Director Jared Malik Royal has worked for brands like Hypebeast, Mercedes-Benz, and Levi’s. He’s directed videos and teasers for artists Samm Henshaw, Daniel Caesar, Bryan Senti, and more.
In episode #003 of the Musicbed Podcast, Jared shares the value of staying present in an age of distractions. Topics include the real-life hope found in sci-fi world-building, the meaningful differences between art and content, and why creatives might be thinking the wrong way about AI.
Jared Malik Royal — https://www.jaredmroyal.com/
Alien — https://www.imdb.com/title/tt0078748/
The Fifth Element — https://www.imdb.com/title/tt0119116/
Blade — https://www.imdb.com/title/tt0120611/
Heal — https://www.jaredmroyal.com/project-tape-heal
DALL·E 2 — https://openai.com/dall-e-2/
Musicbed Podcast — https://linktr.ee/musicbed
Jared’s Musicbed Playlist
Looking for musical inspiration to write your next treatment? Need a song that brings emotion to your edit? Take a few minutes to listen to this playlist, personally curated by Jared himself.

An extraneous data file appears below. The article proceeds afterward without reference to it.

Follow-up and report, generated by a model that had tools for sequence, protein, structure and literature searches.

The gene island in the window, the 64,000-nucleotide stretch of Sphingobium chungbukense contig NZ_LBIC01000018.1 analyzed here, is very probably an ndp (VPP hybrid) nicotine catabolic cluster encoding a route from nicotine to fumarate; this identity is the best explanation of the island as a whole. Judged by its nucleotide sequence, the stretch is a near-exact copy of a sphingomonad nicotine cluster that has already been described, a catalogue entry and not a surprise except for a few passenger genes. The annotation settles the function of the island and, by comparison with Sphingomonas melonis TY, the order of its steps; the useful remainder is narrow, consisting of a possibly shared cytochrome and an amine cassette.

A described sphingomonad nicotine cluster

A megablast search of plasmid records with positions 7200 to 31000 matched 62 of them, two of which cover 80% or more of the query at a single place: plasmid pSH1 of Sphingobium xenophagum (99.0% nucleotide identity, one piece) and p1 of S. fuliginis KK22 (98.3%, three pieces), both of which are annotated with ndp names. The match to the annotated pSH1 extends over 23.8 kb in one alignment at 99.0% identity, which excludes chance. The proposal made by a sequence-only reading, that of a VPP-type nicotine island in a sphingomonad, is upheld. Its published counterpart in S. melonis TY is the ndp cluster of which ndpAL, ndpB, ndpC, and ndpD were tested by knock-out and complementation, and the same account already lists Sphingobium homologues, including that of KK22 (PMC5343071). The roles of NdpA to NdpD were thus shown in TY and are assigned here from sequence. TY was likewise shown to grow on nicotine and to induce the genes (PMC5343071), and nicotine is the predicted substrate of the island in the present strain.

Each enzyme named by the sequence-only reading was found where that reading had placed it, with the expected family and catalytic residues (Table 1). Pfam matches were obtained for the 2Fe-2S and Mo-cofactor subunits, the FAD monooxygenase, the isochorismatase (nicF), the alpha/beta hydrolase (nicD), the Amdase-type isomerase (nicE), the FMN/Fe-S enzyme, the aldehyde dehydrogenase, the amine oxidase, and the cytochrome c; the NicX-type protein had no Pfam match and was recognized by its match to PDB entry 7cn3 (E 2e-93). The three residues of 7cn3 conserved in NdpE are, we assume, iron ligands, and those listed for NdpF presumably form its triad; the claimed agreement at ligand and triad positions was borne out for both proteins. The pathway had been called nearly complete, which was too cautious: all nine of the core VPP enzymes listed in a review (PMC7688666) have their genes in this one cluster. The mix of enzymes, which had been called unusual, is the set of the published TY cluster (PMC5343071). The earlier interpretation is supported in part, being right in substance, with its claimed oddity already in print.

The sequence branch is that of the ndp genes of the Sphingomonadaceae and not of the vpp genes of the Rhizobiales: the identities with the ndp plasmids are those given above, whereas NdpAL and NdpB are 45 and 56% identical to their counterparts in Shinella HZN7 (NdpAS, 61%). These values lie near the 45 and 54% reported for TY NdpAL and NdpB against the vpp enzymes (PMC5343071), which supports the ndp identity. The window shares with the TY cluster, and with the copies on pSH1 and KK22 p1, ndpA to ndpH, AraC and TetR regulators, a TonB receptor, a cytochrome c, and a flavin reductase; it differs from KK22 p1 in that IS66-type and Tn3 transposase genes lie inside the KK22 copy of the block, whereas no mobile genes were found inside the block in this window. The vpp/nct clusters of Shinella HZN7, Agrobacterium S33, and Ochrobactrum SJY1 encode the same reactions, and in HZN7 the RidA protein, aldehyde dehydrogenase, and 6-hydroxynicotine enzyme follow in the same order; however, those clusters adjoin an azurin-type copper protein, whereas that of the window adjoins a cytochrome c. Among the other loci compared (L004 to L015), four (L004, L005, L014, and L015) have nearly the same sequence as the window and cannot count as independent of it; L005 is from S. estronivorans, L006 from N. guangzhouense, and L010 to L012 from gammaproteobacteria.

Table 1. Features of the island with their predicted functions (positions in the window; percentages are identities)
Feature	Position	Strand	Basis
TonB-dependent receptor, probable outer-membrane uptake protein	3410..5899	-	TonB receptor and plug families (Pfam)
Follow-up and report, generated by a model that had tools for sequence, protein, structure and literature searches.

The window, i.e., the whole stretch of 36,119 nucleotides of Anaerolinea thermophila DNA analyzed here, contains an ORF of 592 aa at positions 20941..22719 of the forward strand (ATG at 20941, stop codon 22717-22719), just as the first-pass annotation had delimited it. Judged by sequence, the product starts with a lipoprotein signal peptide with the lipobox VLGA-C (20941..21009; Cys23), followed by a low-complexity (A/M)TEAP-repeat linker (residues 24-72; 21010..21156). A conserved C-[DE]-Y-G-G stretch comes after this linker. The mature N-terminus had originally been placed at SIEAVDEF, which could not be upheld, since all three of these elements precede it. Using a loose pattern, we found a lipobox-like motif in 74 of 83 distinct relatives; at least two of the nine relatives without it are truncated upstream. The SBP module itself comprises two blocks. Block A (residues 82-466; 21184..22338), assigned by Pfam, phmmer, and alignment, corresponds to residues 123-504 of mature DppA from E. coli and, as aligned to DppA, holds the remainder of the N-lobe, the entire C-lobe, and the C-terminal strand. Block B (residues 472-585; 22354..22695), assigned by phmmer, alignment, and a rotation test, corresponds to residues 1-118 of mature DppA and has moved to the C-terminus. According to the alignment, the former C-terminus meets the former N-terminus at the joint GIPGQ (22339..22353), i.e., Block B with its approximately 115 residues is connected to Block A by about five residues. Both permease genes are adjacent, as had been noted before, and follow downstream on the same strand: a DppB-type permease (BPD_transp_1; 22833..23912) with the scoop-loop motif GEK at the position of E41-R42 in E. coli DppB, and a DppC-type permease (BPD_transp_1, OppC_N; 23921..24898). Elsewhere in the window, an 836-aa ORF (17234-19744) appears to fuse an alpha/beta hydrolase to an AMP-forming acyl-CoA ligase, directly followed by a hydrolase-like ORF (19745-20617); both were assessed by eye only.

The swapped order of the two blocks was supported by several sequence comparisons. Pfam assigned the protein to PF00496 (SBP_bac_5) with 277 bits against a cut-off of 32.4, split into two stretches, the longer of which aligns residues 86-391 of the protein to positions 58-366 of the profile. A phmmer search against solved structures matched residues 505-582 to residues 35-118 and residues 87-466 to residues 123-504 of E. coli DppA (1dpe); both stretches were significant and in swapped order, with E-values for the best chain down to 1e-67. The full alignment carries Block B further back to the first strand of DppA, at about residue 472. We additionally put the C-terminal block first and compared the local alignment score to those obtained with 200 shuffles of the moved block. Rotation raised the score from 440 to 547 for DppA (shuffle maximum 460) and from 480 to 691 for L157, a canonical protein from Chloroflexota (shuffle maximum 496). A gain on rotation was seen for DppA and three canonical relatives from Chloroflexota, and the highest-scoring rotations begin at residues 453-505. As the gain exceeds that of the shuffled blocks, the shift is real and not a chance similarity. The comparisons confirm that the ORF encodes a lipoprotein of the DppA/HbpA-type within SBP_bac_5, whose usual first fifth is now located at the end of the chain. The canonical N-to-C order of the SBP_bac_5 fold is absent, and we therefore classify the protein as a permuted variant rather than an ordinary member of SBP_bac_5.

Get Jared’s full playlist on Musicbed
Episode #003 Transcript
Jared: We’re off schedule by, like, 30 minutes, and—it’s all gonna fall apart. And then you just can look at them after you’ve been, like, “I just ran up a mountain carrying a log on my back being chased by wolves.”
Christian: Where’d you grow up?
Jared: That’s an interesting question because I don’t know if I have.
Christian: How old are you?
Jared: I’m 28.
Christian: Okay, you’re getting there?
Jared: Yeah, it dawned on me this year, I have to do everything I’ve ever said I was going to do or else I’m going to evaporate into dust at 30.
Christian: Do you feel 30? Kind of like an impending doom or something?
Jared: It’s something like that. It’s motivation. If anything, I think what that marks for me is a 10 year mark, of being invested in making things as a career, as a passion, as my life path. So, that’s what I’m excited about. How can I mark that as a moment that shows me I’ve really done the work.
Christian: Right. Do you feel like you’ve surpassed anything? Or feel like you’re still sort of about to hit those goals or anything?